Since the demonstration at E3 2010 of the upcoming Disney/Junction Point game Epic Mickey for the Wii, a lot of coverage has been given to Warren Spector's use of the phrase, "play style matters." Gamasutra's interview today is a good example.
To which I say: it's about time.
So many games are made in which most if not all of the challenges and rewards are focused solely on one style of play -- namely, the style dubbed the "Achiever" by Richard Bartle, which enjoys and expects play content to be about following the rules in order to accumulate tokens that determine one's place in a hierarchy. Some day I'm going to do a numerical study on this, but for now I'll simply assert that the vast majority of games have this one style of play as either their primary or only focus.
Certainly there are lots of people who like this particular form of challenge/reward. Serving them with games they can enjoy makes sense.
What about everybody else? When did their money stop being accepted as legal tender?
What about the people who play for the thrill-ride experience? There are some games that lean toward satisfying this play interest, such as the Call of Duty-style shooters... which then insist on shifting their focus toward multiplayer competitions for achievement tokens and leaderboard status.
What about the people whose favored form of play revolves around relationships and the stories about interesting characters (told either by a developer or by the players themselves through roleplaying) that dramatize those relationships? Why are Quantic Dream the only developers making narrative-rich games? Why are BioWare (and perhaps Valve) the rare developers who take the time to build stories around characters who are so well-drawn that we can enjoy feeling that we're interacting with them on an emotional level?
What about the people who care about the logical consistency of a gameworld, whose favorite form of play is exploring the levels of systems and the interactions among the pieces of systems that add up to create function? What games these days do anything more than wink at this playstyle preference with repetitive "hacking" puzzles, or pat themselves on the back and call it "choice" if they give players more than one way to kill?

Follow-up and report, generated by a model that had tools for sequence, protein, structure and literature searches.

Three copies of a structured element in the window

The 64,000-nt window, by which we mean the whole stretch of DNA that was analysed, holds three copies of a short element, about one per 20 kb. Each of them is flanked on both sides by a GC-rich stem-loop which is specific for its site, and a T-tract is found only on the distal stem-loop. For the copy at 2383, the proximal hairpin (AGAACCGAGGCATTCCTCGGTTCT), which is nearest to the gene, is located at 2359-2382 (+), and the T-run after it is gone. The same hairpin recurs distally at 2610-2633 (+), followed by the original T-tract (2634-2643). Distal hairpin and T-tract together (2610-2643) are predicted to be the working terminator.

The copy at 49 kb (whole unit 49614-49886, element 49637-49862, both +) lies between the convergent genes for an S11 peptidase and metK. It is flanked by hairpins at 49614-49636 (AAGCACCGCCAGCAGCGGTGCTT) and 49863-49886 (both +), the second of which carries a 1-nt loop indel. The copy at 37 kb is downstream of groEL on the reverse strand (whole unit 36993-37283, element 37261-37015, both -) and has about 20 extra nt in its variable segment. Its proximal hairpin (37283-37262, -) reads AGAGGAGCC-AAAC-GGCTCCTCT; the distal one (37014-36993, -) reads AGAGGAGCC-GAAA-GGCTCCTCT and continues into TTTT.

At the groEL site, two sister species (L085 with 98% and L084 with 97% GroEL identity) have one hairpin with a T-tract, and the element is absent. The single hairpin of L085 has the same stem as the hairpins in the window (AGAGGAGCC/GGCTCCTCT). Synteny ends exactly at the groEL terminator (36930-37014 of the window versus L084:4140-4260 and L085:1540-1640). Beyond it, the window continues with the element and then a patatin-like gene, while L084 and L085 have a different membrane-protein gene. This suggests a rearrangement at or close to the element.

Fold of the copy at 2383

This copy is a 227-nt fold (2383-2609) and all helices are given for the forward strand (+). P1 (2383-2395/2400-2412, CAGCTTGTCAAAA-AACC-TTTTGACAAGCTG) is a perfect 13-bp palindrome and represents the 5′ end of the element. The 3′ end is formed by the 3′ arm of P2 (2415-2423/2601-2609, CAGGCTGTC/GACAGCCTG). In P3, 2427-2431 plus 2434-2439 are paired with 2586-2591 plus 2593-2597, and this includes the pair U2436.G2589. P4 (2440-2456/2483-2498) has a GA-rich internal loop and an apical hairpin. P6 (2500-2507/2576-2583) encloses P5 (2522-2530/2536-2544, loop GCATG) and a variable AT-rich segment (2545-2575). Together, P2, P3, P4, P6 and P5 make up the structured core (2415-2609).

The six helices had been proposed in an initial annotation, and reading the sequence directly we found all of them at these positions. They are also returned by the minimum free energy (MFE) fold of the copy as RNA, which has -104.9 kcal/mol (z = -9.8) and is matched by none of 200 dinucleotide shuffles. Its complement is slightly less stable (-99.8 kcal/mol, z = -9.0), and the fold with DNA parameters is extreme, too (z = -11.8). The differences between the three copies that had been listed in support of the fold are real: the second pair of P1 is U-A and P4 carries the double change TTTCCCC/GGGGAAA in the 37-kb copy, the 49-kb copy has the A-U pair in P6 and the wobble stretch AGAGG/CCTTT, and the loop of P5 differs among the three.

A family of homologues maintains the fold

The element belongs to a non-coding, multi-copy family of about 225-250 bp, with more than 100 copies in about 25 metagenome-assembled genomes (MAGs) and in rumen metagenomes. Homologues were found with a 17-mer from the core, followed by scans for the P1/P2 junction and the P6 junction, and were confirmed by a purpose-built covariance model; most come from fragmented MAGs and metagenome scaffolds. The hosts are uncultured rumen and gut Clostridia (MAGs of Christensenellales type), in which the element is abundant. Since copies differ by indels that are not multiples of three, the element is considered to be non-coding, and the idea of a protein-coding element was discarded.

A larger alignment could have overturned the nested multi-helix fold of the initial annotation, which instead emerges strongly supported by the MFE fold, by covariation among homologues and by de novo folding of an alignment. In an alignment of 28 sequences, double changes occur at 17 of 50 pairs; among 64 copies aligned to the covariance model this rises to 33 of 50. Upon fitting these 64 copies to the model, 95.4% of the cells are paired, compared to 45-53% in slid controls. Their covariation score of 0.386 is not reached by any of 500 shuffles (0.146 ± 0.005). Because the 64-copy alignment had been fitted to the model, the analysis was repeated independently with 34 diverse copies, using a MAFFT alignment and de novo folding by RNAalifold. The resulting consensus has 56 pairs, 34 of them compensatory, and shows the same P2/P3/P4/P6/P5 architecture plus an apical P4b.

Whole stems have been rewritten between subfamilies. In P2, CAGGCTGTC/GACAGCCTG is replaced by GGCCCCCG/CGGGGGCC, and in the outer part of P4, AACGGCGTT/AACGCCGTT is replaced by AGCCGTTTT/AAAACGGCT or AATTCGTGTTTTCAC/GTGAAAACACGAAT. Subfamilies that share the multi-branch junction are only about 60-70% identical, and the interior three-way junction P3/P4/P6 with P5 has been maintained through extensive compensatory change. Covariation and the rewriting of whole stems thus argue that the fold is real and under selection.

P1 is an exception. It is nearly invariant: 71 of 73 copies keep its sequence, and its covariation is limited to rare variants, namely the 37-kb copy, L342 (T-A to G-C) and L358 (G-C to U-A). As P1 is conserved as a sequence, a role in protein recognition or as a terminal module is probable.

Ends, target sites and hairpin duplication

Where is the MMORPG designer who comprehends that a crafting system focused on mass-manufacturing objects for sale utterly fails to deliver on what the word "craft" means? Why are Bethesda Softworks seemingly the only developers who seem to grasp that the real point of an "open-world" or "sandbox" design is that it supports discovery of the game's world-systems?
Play style matters because people are different, but they're all willing to pay good money for a game that satisfies their differing playstyle preferences.
I first started to understand this when I studied psychology and game design around the same time. I started writing about personality models in the 1990s -- right about the time of the peerless Ultima Underworld, produced by Warren Spector.
And I've been talking about what I called "player-centered design" -- AKA "play style matters" -- since at least 2005. A brief sampling (links are to my external game design blog):
Bartle's Player Types and Keirsey's Temperaments
Styles of Play -- The Full Chart
Player-Centered End-Game Content
Personality Types and Gameplay Preferences
Player-Centered Crafting Design
Player-Centered Crafting Design +
Bartle, Keirsey, and Chris Bateman's DGD1 Gamer Demographic Model
And that's just me. There are plenty of other people, designers and gamers alike, who have talked about this concept of making games that different kinds of people can enjoy.
So, to all you game journalists and game designers and thoughtful gamers for whom the concept "play style matters" comes as a revelation: welcome to the party, pal.
Now get off your collective backsides and do something about it. It's time to prove that you understand what "play style matters" actually means: that continuing to monomaniacally emphasize only achievement in nearly every game is a failure of the entire computer game industry. Gaming will achieve its full potential -- commercial and critical -- only when game designers provide content which demonstrates that they understand and respect more than one playstyle.
There is still a place for achievement-focused games. Not every game needs to try to offer meaningful amounts of content capable of satisfying the human desire for achievement as well as that for sensations and relationships and knowledge.
But there damned well ought to be more than one such game every ten years.